Mike and Tsuchino were finally able to officially get married in 1958 at the U.S. consulate of Fukuoka. At that time, in American southern states and the state of California, there was still a law prohibiting marriage between whites and non-whites. They were required to sign a document acknowledging that they understood that they could be arrested should they step foot into one of these states.
Tsuchino came to America in 1960 when Mike’s father had passed away. Due to the sudden news of his father’s death, Mike and Tsuchino ended up coming to the U.S. separately on a civilian aircraft and military aircraft respectively, headed for a New York funeral home. Tsuchino made the journey all by herself on a JAL flight, transferring both in Alaska and Seattle. “I came with the feeling that I may not ever be able to return to Japan.” The only thing she was able to bring to America was 300 dollars in cash and one suitcase.
However, Tsuchino had big dreams about coming to the U.S. “America is a country where anyone can seize opportunity. Where you can carve your own path in life. I convinced myself of that.” They started their new life together in Oklahoma. “A few pieces of tableware, a pot and a frying pan. At first, those were the only things we bought. We were poor, but we were prepared to get by on our own. So, I never thought we were going through hard times.” At any rate, her goal was to get Mike to pursue a good education, and she pushed him every day to do so. Tsuchino told us that everything else besides this wasn’t worth worrying about. “Even only eating two meals a day was fine with me.” Mike said that Tsuchino was a smart spender, and she was mostly in charge. The image he held until then that a “Japanese woman would do whatever she is told,” was turned completely on its head. Mike got his bachelor’s degree at Columbia University and his master’s in civil engineering from the University of California, Berkeley. After serving in the Military, Mike worked for the Federal Aviation Administration.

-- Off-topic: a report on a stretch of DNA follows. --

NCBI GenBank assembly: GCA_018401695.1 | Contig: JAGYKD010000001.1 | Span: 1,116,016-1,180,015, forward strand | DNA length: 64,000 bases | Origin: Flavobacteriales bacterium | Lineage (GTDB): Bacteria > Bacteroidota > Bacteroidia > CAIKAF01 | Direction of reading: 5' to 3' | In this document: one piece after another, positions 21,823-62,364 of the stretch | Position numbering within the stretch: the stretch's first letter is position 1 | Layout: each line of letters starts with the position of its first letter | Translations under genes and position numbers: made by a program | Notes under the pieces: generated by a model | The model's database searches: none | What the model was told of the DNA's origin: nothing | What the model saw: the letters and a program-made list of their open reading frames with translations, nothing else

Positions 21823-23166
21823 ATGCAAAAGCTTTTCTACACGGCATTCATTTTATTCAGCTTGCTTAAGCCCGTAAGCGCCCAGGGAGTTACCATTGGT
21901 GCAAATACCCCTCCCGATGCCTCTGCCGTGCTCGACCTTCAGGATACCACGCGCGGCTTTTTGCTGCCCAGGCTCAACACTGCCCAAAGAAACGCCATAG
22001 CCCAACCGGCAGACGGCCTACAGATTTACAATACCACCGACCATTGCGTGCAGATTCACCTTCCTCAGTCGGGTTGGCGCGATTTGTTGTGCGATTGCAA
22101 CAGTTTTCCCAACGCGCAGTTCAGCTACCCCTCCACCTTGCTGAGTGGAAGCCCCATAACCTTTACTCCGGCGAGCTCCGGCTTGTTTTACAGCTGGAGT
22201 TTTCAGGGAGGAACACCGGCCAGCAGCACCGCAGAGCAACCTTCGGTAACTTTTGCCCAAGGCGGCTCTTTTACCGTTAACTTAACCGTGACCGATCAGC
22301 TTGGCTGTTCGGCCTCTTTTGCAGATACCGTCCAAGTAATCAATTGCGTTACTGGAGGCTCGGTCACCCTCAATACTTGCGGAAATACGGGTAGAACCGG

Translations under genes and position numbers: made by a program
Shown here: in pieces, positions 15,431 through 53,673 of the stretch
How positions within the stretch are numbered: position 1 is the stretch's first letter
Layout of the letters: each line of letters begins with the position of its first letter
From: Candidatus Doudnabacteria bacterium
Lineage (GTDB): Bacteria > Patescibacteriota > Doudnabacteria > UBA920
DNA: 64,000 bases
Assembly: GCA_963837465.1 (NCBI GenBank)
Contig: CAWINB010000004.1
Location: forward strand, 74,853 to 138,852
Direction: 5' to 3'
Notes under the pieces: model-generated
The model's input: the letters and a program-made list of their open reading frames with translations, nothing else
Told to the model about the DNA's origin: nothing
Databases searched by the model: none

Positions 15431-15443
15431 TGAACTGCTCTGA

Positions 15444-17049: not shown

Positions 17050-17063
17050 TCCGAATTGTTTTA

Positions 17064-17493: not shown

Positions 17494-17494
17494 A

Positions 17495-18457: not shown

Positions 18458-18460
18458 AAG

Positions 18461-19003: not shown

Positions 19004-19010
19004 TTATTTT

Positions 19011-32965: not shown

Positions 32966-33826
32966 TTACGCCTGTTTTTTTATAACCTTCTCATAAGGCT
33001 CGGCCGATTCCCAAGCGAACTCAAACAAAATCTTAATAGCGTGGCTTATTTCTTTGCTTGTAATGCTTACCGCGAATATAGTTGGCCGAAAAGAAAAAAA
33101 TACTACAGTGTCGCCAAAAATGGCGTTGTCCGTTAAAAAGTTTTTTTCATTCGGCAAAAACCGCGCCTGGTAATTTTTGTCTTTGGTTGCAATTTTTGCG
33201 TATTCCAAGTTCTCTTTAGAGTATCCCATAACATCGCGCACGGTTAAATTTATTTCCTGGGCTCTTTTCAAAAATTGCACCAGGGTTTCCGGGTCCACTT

They moved many times: Washington DC; Spokane; Kansas City; Wilkes-Barre, Pennsylvania; Brentwood, New York; San Francisco; Anchorage and Fairbanks, Alaska; Madrid, Spain and finally, settled down in the middle of New York and Japan, Seattle. “We passed by this area when we moved to Alaska. Back then, there were many Japanese gardeners living here, so there were a lot of pruned pine trees. I remember thinking about it and making my decision ‘This is a great place, and it’s just like Japan. Let’s settle down here one day’.”
What Tsuchino achieved in the Kisaragi-kai
“At first, I was surprised at how many Japanese there were. In Seattle, there’s a Nikkei community, so I felt like I needed to do this and I needed to do that and soon enough my weekend was all filled up.”